Climate Justice: decolonising decarbonisation: The role of creative education in advancing climate justice
Image: Zuleika Lebow, “Gloves Off (Marigold)” 2020 [Detail]
Hosted and supported by the School of Fine Art of Camberwell, Chelsea and Wimbledon Colleges, UAL
Thursday 23 June 2022, 10am — 12 noon
Although it is becoming socially respected to challenge Colonialism, Racism, Ableism, and Patriarchy as systems of social domination, in the consumer societies, art, design, and communication education remain entangled within the systems and values of Capitalism. Yet while implicated within the problems, creative and critical practices still have vital potential to engage, inspire and transform.
- What obstacles are delaying or preventing progress towards climate justice?
- Which capacities and tendencies of art and design could contribute to climate justice?
- What can creative Higher Education institutions bring to climate justice, and how might these institutions be transformed in the process?
Contributors and participants are invited to engage with these and related questions, sharing different perspectives and approaches, while highlighting the crucial role of cultural practice and action.
Dr. Ileana L. SelejanAssociate Researcher
Dr. Ileana L. Selejan is Associate Researcher in the Department of Anthropology at UCL, where she participates in the European Research Council (ERC) funded project, “Citizens of Photography: The Camera and the Political Imagination.” She was previously Research Fellow with the Decolonising Arts Institute at UAL and the Linda W. Gruber ’66 Curatorial Fellow in Photography at The Davis Museum at Wellesley College. She received her PhD in Art History from the Institute of Fine Arts, New York University, and was granted the 2012–13 Joan and Stanford Alexander Award from the Museum of Fine Arts Houston, for her research in Nicaragua. She has taught courses at Central Saint Martins, Tisch School of the Arts, New York University, and the Parsons School of Design. As independent curator and member of the experimental arts collective kinema ikon, she works at the intersection of art and technology.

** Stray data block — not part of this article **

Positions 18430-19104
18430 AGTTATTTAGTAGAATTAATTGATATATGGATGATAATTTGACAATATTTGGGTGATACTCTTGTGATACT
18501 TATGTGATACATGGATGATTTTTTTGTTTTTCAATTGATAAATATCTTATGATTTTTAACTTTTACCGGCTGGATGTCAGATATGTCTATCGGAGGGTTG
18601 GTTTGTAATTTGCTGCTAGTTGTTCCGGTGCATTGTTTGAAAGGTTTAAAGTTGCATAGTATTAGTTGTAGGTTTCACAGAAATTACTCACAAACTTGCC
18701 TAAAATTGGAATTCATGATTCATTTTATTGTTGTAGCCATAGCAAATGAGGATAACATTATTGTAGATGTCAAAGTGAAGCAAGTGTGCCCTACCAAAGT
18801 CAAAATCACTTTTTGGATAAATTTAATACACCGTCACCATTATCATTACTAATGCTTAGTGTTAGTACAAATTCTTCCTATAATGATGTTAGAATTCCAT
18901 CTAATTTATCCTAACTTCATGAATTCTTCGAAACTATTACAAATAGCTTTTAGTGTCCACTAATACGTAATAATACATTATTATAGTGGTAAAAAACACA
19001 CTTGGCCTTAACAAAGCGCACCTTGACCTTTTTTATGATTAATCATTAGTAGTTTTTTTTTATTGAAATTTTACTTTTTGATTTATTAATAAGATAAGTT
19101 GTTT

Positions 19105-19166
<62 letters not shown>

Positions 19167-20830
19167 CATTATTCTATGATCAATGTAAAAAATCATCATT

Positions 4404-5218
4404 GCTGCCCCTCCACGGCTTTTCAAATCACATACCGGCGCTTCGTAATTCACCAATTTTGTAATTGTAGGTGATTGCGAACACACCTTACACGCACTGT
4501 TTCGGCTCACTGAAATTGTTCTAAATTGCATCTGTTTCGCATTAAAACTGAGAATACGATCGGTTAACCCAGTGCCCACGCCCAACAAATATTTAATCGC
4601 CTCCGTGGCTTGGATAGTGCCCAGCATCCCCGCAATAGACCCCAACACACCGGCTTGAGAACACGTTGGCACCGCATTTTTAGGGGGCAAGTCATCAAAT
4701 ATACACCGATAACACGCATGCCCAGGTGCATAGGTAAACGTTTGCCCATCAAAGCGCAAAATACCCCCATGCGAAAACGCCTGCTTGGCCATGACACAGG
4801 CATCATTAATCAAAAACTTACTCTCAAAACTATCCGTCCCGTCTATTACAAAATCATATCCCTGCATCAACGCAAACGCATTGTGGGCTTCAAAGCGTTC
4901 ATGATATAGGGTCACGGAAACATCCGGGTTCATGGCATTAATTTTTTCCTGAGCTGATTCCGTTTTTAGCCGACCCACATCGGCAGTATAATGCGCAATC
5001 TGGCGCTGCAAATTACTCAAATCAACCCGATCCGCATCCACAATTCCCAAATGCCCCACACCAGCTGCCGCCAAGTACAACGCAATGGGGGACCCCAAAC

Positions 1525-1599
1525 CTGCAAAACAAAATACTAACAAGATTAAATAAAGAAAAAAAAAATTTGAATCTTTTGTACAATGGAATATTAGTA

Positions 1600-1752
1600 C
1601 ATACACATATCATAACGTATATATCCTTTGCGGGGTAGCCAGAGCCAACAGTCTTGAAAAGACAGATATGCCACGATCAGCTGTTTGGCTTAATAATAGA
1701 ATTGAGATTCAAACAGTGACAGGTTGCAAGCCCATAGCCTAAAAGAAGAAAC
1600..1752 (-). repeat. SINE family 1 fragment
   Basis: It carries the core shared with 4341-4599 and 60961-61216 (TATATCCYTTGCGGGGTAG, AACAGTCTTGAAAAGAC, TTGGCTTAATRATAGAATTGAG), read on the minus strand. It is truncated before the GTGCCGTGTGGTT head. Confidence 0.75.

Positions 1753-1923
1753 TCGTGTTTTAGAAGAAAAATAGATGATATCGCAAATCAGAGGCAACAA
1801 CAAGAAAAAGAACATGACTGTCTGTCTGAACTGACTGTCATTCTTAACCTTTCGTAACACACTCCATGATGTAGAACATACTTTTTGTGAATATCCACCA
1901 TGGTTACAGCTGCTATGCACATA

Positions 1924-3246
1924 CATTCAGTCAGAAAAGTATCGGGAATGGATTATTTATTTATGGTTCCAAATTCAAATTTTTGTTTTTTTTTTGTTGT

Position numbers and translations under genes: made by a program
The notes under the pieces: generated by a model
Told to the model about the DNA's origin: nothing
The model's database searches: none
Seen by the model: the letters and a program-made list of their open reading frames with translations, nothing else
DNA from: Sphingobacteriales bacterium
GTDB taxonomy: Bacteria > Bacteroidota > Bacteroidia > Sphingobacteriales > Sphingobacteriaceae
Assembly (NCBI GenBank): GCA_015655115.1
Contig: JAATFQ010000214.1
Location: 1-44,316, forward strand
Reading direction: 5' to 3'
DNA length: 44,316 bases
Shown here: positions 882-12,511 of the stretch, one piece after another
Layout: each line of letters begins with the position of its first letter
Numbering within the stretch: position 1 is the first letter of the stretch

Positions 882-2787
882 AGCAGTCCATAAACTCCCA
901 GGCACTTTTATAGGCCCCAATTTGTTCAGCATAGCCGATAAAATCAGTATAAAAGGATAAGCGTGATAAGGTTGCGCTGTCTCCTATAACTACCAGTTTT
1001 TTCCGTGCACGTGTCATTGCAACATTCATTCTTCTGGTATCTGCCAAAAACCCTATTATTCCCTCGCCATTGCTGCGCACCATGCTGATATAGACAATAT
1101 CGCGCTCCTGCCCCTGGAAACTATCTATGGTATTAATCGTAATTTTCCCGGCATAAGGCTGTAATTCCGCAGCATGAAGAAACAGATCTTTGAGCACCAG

Suzanne DhaliwalClimate Justice Creative, Campaigner, Researcher, Lecturer
Suzanne Dhaliwal is a Climate Justice Creative, Campaigner, Researcher, Lecturer in Environmental Justice and Trainer in Creative Strategies for Decolonisation.
Voted one of London’s most influential people in Environment 2018 by the Evening Standard. In 2009 she co-founded the UK Tar Sands Network, which challenged BP and Shell investments in the Canadian tar sands in solidarity with Indigenous communities, spurring the internationalisation of the fossil fuel divestment movement.
Suzanne has led campaigns and artistic interventions to challenge fossil fuel investments that violate the rights of Indigenous peoples, and of those seeking justice after the BP Gulf of Mexico disaster. In 2017 she spearheaded a European coalition to challenge the insurance industry on their underwriting of coal and tar sands projects.
Suzanne worked alongside the Ogoni people and British-Nigerian artist Sokari Douglas-Camp to send a life-size bus sculpture to Nigeria for the 20th anniversary of the execution of the Ogoni 9 and Ken Saro-Wiwa. She was part of the Art Not Oil coalition, challenging BP and Shell’s sponsorship in the arts. For her MA in Social Sculpture in Oxford, she developed creative strategies to address the white supremacy and lack of representation in the UK climate justice movement.
Zuleika LebowArtist and Cultural Producer
Zuleika Lebow is an artist and cultural producer born and raised in London. The diverse cultural wealth of the city and its history as a home for migrant communities is central to both her practice and her personal identity – her mother is of Ashkenazi Jewish descent, born from 19th Century immigrants from the Baltic islands, and her father came to London in the early 1950s from Jamaica.
Since graduating from Middlesex University in 2015 with a 1st Class BA in Fine Art, Lebow’s practice has coalesced into three strands. Collaboration, with collectives Spandrel, the Guttural Living project and recently with fellow artist Xhi Ndubisi for the This is not a Lemon anthology. Personal work, centred around themes of identity, the sick body and lexicon via sculpture, photography, and writing. Education, through her role as Acting Course Tutor for MA Applied Imagination in the Creative Industries and workshops with Peckham Platform and Tate Collective.
These strands all share a commonality – social engagement as a means for personal and societal change. Utilising philosophical texts, popular culture, sci-fi and esoterica as starting points Lebow interrogates the politics of representation and marginalisation in accessible, playful and convivial ways that generate alliances; recognising knowledge and culture as an inherently diverse, shared resource.